Breast feeding by Mennonite mothers may protect infants against allergic disorders: Study
Heredity is a strong determinant of an allergic constitution, environmental factors, including farming exposures in childhood, maternal farming exposures provide strong protection against allergic disease in their children; however, the effect of farming lifestyle on human milk (HM) composition is unknown.Breast milk from Mennonite mothers is richer in neutral or beneficial bacteria,...
Heredity is a strong determinant of an allergic constitution, environmental factors, including farming exposures in childhood, maternal farming exposures provide strong protection against allergic disease in their children; however, the effect of farming lifestyle on human milk (HM) composition is unknown.
Breast milk from Mennonite mothers is richer in neutral or beneficial bacteria, certain cytokines and fatty acids, and IgA antibodies important for defense against bacteria. Their milk may give babies a better protection against allergens in infancy and later in life, reveals a new study.The milk contained higher levels of antibodies against allergens compared with that of mothers in urban and suburban regions.
The findings of the study are published in Frontiers in Immunology.
The objective of the study was to characterize the maternal immune effects of Old Order Mennonite (OOM) traditional farming lifestyle when compared with Rochester (ROC) families at higher risk for asthma and allergic diseases using HM as a proxy.
The study included HM samples collected at median 2 months of lactation from 52 OOM and 29 ROC mothers were assayed for IgA1 and IgA2 antibodies, cytokines, endotoxin, HM oligosaccharides (HMOs), and targeted fatty acid (FA) metabolites. Development of early childhood atopic diseases in children by 3 years of age was assessed. In addition to group comparisons, systems level network analysis was performed to identify communities of multiple HM factors in ROC and OOM lifestyle.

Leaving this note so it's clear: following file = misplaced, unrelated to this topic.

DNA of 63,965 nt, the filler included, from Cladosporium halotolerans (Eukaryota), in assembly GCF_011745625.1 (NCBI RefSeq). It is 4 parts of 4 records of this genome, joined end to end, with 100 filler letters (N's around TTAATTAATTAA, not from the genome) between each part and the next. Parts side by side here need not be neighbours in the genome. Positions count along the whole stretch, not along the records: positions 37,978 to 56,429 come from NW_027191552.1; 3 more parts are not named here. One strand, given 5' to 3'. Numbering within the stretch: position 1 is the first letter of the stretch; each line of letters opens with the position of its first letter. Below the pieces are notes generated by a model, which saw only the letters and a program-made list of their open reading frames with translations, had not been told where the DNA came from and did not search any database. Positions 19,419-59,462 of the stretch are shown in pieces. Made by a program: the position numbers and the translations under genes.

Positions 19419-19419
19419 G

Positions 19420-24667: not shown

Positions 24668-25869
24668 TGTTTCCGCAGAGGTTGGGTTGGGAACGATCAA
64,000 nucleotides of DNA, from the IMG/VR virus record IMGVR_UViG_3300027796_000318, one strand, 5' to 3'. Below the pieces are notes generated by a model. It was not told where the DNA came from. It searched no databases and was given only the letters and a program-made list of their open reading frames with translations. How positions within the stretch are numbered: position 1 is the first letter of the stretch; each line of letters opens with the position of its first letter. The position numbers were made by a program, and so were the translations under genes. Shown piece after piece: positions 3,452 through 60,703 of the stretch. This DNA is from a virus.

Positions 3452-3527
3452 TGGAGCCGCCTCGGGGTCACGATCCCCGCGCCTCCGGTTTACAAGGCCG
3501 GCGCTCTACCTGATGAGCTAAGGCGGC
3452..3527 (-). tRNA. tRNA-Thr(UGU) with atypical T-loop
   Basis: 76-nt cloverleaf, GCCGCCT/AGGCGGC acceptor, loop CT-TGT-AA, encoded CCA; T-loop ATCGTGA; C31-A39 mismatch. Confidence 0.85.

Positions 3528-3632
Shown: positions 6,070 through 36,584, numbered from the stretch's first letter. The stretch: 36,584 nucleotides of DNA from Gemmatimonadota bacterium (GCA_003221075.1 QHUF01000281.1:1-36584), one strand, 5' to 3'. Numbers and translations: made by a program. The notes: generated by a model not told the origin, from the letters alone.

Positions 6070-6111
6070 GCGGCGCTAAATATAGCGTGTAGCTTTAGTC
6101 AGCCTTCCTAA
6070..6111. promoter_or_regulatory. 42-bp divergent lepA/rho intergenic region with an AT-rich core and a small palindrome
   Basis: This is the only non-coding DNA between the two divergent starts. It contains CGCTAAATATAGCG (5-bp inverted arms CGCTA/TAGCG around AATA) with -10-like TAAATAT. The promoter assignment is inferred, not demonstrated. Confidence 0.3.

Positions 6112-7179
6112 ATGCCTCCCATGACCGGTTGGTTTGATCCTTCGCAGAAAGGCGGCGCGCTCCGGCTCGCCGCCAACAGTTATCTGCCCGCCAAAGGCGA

The results of the study were
• HM contains IgA1 and IgA2 antibodies broadly recognizing food, inhalant, and bacterial antigens. OOM HM has significantly higher levels of IgA to peanut, ovalbumin, dust mites, and Streptococcus equii as well TGF-β2, and IFN-λ3.
• A strong correlation occurred between maternal antibiotic use and levels of several HMOs. Path-based analysis of HMOs shows lower activity in the path involving lactoneohexaose (LNH) in the OOM as well as higher levels of lacto-N-neotetraose (LNnT) and two long-chain FAs C-18OH (stearic acid) and C-23OH (tricosanoic acid) compared with Rochester HM.
• OOM and Rochester milk formed five different clusters, e.g., butyrate production was associated with Prevotellaceae, Veillonellaceae, and Micrococcaceae cluster.
• Development of atopic disease in early childhood was more common in Rochester and associated with lower levels of total IgA, IgA2 to dust mite, as well as of Thymic stromal lymphopoietin (TSLP).
Seppo and team concluded that "Traditional, agrarian lifestyle, and antibiotic use are strong regulators of maternally derived immune and metabolic factors, which may have downstream implications for postnatal developmental programming of infant's gut microbiome and immune system."